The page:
It is frost-heave season once again - those nasty old bumps that seem to come out of nowhere only to disappear again a month or two down the road.Recently I was traveling at a high rate of fuel consum...
It is frost-heave season once again – those nasty old bumps that seem to come out of nowhere only to disappear again a month or two down the road.
Recently I was traveling at a high rate of fuel consumption, serenading the windshield with one of my many favorite songs (out of tune, of course).
When I regained consciousness, I was crumpled on the passenger side floor, getting a first-hand look at how desperately it needed cleaning with my nifty little broom.
I picked myself up, shook off the dust, combed my hair and made my way back to the driver’s seat, all while picking the road salt lodged between my teeth.
There are advantages to incidents like that bump though: it once again rudely reminded me of the federal Liberals’ blatant lack of a national highway strategy.
As most professional drivers in Canada would agree, when compared to our neighbors to the south, our national highway system is a shambles. It is high time we Canadians insist that our federal government develop a national plan and invest some serious coin into the project. A national highway program is necessary for many reasons.
There has been a debate raging for quite some time within this industry concerning fatigue. Noticeably absent from this discussion is the impact of inferior highways on those who turn the wheels for a living.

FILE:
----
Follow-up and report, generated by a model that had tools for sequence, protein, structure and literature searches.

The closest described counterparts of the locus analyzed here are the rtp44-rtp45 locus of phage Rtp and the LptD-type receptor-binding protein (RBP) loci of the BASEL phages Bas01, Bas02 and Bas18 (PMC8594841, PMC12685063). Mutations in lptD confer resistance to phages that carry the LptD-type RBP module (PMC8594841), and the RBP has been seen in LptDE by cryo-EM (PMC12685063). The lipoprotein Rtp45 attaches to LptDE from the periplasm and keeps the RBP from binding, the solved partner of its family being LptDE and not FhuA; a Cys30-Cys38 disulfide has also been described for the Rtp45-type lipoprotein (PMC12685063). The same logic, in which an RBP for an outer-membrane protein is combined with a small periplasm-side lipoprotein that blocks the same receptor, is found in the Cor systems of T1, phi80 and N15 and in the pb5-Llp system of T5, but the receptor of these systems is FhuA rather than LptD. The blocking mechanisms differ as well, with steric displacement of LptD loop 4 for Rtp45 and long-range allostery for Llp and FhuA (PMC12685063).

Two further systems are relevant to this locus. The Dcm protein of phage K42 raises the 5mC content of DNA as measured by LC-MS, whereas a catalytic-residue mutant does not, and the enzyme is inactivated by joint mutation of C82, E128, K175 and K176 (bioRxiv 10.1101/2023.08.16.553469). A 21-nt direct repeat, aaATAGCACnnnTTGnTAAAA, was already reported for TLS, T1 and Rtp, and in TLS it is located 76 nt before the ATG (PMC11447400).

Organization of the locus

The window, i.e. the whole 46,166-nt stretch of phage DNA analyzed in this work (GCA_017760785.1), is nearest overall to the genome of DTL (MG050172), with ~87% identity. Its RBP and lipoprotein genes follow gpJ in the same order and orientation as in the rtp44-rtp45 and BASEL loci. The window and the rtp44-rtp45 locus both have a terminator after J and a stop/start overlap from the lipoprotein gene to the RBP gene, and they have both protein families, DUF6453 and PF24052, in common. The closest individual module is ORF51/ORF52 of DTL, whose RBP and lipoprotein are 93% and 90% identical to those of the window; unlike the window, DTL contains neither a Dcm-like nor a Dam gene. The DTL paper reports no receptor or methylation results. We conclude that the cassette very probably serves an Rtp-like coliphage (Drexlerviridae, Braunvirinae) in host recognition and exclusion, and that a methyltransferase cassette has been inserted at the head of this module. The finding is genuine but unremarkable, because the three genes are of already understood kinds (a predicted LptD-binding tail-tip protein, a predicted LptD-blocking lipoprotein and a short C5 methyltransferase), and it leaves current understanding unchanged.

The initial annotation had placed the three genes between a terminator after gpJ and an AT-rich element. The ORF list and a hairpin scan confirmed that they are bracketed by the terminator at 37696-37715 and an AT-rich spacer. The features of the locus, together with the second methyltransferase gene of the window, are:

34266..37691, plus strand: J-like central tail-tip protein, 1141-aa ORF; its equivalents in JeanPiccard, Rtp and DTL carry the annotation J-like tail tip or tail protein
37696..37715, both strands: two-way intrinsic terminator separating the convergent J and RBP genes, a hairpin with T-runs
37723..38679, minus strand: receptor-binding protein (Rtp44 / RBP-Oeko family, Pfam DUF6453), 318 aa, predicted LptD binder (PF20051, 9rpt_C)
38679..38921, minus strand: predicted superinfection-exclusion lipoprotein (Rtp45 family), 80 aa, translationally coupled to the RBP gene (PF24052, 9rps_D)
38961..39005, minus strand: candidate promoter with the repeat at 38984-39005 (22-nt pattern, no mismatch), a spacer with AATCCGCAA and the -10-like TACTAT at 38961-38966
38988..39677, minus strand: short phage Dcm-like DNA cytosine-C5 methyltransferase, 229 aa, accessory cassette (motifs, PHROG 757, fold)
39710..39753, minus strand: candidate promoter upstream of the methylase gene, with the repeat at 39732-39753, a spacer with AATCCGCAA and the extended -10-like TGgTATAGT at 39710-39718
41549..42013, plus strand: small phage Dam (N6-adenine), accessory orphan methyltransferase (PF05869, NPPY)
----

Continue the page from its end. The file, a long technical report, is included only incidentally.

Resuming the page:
I know from personal experience that driving across northern Ontario is much more tiring than driving twice that distance across I-90.
Indirectly related to this fatigue issue, is the number of casualties and fatalities caused each year by poor highways. One has to wonder, how many accidents result from terrible roads? Could they have been avoided with a better highway system?
Fortunately, governments are not immune to the consequences of this neglect.
Recently, the Saskatchewan government was held liable for bodily injury and property damage resulting from a crash on its ill-maintained highways. However, I would sooner have my tax dollars go towards building highways then go towards a health-care system tending to injured motorists. Or settling lawsuits, for that matter.
Load security is another safety issue related to the state of our roads. When a truck is bucking and twisting over rough roads, loads, especially those on flatbeds, are more prone to loosen.
One has to wonder whether or not road conditions had anything to do the highly publicized incidents of trucks losing wheels a few years back.
Beyond safety, there are other important issues that are influenced by poor highways.
As a Canadian owner/operator, it is irritating to spend thousands of dollars on fuel and road taxes annually, knowing that little money ever finds its way back to the highways.
Since none of my taxes go towards what they should, I am required to allocate even more funds towards maintenance than I would otherwise need to.
However, the whole Canadian industry is affected by poor highways and compensates for them, often by driving through the road-friendly U.S. As a result, much of the Canadian trucking dollar is spent supporting U.S. businesses, unnecessarily. With all the hype recently about a downturn in the North American economy, what better way to fend off a national recession than to spend a considerable sum of money, in all areas of Canada, on something that is in desperate need of federal help?
Simply put, an improved highway system would help the economy.
It is no coincidence that the U.S. has the best road system in the world, and the strongest economy. n
– Dave Holleman is an over-the-road owner/operator and a monthly contributor toTruck News.